Part III of the Hour 25 Jack Kirby Interview.
- Hilarious anecdote where Jack tells you why he thinks calling him the “King of the Comics” is wrong
- The first comic books and what they meant to Jack
- Jack’s first jobs telling complete comics stories
- Meeting Joe Simon and getting the office at Tudor City, NY
- The Goodman Brothers
- Throwing scripts out the window (and his violin when he was a kid)
- Creative freedom, Jack’s love for people, attitude towards villains, and truth in comics
- Captain America and patriotism in the early 1940s
- “The times were screaming war”
- Nazi’s want to beat the “daylights” out of Jack for criticizing Hitler
- Leon Klinghoffer (who was murdered by Palestinian terrorists when they hijacked the Achille Lauro cruise ship in 1985) and the gut reaction to fight
- “Captain America would never do anything wrong”
- Jack’s inspiration for the Hulk: a woman lifting her car to save her child
- The death of Bucky: Jack says it wasn’t his idea: “I never kill off anybody”
I think this is one of the strongest clips in the series — Jack covers a lot of ground. Listening to this interview gives you a great example of how Jack’s mind worked: the interviewers would try and steer Jack in the direction of discussing Captain America for example, but Jack would go other places and he’d drift into other topics. I think this is because that’s how Jack’s mind worked — he tended to go where his imagination took him — and Jack simply wasn’t a skilled public speaker, so he didn’t have lot of practice at structuring the answer to a question where you hit a few bullet points then clearly wrap your response up (for example, President Obama is brilliant at this). Kirby tries to answer the questions as honestly as possible while also spicing the stories up a little to make them interesting. For example, Jack’s quick comment about “bending steel” was very intriguing when you consider the trauma he must have experienced on the European battlefields.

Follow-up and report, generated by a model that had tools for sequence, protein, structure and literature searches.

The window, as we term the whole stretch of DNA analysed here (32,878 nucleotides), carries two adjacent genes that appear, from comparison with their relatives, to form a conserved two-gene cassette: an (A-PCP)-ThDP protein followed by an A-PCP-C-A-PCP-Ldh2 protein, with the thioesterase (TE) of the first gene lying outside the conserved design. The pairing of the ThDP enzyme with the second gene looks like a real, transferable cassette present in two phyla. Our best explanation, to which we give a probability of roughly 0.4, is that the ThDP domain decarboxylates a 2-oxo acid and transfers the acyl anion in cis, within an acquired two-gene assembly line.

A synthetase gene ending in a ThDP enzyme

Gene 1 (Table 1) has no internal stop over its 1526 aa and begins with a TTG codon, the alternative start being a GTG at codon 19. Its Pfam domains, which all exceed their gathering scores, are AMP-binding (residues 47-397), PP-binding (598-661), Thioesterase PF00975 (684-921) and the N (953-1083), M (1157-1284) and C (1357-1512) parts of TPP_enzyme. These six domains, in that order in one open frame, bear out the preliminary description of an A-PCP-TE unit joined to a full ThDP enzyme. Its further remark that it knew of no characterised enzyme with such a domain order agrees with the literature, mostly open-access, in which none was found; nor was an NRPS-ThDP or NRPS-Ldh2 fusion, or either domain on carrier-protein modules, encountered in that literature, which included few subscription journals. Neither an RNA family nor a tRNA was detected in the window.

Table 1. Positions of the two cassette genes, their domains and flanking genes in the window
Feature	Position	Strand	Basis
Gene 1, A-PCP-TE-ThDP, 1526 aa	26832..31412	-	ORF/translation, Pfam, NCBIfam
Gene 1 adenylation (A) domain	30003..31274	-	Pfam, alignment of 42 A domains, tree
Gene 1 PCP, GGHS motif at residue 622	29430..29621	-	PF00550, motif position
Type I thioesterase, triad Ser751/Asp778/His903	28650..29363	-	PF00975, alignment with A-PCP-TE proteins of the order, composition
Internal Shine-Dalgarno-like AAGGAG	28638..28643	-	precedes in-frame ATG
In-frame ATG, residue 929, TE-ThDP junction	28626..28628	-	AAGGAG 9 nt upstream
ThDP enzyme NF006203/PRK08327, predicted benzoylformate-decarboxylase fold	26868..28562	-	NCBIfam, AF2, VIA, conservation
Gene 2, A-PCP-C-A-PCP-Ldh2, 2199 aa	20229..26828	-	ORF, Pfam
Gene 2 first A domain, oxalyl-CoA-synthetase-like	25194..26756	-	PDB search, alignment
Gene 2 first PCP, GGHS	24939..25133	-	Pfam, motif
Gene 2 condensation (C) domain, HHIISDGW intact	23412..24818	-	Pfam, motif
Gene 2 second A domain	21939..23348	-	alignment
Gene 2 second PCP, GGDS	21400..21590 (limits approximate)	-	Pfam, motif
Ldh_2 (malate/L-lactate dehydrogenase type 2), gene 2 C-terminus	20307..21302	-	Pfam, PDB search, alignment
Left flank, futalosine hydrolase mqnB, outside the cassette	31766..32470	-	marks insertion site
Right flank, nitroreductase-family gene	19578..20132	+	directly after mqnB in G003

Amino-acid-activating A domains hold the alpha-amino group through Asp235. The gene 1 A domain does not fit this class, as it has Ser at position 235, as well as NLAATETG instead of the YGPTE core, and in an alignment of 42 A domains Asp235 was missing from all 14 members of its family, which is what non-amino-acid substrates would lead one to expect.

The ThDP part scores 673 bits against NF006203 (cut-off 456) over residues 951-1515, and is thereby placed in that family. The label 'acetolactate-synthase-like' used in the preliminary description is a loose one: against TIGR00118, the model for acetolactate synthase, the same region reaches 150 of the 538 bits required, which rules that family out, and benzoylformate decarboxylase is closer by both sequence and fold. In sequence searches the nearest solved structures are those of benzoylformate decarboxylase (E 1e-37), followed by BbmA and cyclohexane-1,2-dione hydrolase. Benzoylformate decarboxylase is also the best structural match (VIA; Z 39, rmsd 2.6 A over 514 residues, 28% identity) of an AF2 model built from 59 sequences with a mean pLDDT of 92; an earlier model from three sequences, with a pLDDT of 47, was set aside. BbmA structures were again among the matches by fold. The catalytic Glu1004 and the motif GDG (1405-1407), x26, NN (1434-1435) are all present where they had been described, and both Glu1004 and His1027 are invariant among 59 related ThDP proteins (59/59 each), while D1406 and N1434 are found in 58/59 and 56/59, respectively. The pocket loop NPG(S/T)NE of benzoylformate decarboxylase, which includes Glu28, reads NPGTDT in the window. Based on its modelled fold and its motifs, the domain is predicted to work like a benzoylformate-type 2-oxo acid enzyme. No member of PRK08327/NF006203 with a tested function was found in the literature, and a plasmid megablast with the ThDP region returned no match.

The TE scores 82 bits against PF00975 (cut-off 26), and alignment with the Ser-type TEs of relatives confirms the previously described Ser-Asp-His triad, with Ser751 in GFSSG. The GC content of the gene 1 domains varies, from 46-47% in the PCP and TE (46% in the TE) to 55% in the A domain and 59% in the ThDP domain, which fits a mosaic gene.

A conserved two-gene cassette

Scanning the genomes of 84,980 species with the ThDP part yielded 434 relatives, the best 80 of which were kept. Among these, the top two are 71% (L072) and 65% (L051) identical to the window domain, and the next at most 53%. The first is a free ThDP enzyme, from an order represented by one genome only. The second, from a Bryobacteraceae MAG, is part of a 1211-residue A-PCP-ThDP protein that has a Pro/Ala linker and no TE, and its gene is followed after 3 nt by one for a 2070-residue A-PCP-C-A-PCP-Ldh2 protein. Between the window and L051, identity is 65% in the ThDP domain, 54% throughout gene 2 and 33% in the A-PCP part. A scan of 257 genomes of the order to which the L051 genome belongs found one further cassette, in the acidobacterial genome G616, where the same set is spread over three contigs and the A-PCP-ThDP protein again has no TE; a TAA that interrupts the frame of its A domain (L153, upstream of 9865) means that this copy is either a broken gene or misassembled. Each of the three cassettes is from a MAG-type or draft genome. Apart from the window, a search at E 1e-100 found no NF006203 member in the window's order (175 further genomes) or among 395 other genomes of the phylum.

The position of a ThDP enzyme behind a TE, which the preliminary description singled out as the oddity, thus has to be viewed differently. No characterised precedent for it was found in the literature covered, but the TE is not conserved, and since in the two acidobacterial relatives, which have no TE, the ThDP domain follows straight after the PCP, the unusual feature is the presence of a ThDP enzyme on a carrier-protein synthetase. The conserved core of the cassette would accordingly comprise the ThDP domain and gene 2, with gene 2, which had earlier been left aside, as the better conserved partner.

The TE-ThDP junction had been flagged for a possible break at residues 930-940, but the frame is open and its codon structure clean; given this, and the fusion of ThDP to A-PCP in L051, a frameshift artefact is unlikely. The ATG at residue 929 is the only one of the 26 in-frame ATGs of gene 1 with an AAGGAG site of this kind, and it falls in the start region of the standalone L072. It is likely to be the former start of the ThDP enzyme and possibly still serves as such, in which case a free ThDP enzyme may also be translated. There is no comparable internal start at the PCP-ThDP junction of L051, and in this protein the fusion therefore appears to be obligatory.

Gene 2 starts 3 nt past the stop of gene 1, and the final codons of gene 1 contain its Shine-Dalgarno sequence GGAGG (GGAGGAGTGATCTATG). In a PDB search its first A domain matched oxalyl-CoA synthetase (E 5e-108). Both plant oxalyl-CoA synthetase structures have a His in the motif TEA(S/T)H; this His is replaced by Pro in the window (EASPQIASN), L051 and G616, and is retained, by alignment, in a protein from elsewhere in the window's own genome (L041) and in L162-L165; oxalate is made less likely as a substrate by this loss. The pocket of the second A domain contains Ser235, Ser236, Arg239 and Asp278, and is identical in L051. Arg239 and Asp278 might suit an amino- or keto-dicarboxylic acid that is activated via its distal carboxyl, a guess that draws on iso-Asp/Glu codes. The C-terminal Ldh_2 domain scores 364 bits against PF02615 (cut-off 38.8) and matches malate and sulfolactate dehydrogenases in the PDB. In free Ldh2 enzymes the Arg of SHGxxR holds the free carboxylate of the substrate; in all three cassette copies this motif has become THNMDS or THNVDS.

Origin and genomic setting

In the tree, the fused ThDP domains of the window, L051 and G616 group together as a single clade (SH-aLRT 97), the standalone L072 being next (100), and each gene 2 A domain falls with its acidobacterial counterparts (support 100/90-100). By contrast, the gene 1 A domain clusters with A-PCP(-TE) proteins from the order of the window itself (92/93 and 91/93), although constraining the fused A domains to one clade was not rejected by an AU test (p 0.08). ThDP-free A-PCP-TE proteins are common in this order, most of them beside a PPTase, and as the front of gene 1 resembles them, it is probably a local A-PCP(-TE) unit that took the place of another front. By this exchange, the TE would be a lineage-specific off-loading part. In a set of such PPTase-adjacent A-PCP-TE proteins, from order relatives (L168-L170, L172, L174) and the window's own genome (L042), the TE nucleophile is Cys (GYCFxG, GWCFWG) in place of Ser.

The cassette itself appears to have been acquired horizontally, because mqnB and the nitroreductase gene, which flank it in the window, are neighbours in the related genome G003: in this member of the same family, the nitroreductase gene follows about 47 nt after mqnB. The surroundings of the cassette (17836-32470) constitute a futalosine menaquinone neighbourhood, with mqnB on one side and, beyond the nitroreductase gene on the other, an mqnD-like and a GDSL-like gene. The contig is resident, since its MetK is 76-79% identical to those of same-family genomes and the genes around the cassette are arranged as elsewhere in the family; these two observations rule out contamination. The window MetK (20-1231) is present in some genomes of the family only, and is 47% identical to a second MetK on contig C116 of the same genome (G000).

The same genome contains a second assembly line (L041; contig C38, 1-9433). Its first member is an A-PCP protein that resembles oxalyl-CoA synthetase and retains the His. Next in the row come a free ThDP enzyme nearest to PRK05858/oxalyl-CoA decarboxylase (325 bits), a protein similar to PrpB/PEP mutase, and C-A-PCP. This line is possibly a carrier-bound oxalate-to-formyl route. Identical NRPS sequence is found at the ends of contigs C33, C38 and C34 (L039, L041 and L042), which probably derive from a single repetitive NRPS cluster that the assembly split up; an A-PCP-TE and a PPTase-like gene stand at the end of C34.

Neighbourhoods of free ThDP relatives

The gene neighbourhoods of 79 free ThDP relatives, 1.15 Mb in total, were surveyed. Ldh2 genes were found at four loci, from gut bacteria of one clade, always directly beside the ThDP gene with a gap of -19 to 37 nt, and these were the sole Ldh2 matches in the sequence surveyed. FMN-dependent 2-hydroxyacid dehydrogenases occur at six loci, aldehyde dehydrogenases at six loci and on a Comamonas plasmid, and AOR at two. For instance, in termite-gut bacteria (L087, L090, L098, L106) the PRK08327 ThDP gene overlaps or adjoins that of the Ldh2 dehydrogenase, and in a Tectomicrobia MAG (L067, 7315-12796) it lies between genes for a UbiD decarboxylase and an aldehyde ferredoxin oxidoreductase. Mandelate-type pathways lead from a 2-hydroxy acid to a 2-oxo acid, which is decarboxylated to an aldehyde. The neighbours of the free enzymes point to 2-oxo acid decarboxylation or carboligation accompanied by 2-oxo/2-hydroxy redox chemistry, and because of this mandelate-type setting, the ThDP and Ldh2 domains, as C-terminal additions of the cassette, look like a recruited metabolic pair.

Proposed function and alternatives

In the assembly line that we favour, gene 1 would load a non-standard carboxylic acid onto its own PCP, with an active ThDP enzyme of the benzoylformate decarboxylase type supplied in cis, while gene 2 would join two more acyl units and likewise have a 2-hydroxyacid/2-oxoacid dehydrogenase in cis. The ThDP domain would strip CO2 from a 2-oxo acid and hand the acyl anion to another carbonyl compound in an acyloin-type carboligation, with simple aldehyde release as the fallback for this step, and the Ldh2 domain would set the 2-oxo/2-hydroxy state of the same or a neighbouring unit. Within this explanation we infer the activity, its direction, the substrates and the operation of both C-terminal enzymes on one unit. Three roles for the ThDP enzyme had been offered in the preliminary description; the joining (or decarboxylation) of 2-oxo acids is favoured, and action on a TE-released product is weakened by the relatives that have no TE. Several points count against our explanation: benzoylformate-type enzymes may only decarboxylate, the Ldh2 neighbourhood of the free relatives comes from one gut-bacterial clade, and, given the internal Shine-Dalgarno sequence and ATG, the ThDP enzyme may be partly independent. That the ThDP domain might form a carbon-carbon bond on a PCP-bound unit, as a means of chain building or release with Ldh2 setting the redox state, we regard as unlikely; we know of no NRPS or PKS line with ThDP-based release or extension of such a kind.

On the other hand, I’ve read some criticism written about Kirby based on a few of Jack’s comments in this excerpt. For example, I’ve seen a few comics experts point out that Joe Simon was involved in writing some of the 40s/50s stories, but I think Jack doesn’t specifically mention that here because he probably remembers working on the bulk of the writing himself, especially during the illustration phase where Jack was responsible for pacing and character design. Also, Jack’s quote that he would “throw scripts out the window” has been pointed to by some of his critics as Jack lying and denying credit to the authors of many of the Simon/Kirby scripts. Again, I think this is just Jack remembering that he did a tremendous amount of writing on many of the stories he worked on during the Simon/Kirby period, and he’s simply reflecting on how he liked to have creative freedom on his stories and he liked to make changes and add a lot of himself to the scrips he worked on. I also think he’s using an analogy here, I suspect he didn’t literally throw too many scrips out of the window onto the streets of NYC.
The most controversial quote probably has to be Jack’s comment where he talks about reading an article about a woman lifting a car to save her child and this became the inspiration for the Hulk. It may have been Mark Evanier who pointed this out or some other comics expert, but I think this is an example of Jack’s memory playing a trick on him: I suspect Jack probably saw that famous sequence at the beginning of the 1970s Hulk TV show where the character lifts up a car and that may have reminded him of an article he read.
Or, of course, the anecdote may be true. This is just an example of how the authorship debate (who created characters like the Hulk — Lee, Kirby , or both men) becomes muddied based on how the passage of time has affected the memories of both men. I do think Jack was heavily involved in the creation of the Hulk character, and I’ve seen Lee admit in interviews that at the very least Jack was responsible for the distinctive shredded pants aspect of the character design. I also believe Jack was in charge of the pacing of the story; he may have contributed characters like Rick Jones, Betty Ross, and Thunderbolt Ross; and in addition to elements of the origin itself, Jack certainly came up with all of the memorable visuals such as the reaction of Bruce Banner to the atomic explosion, and the dynamics of the first transformation sequence. Below see pages 1, 4, and 5 from The Incredible Hulk# 1, (May 1962), art by Jack Kirby and Paul Reinman.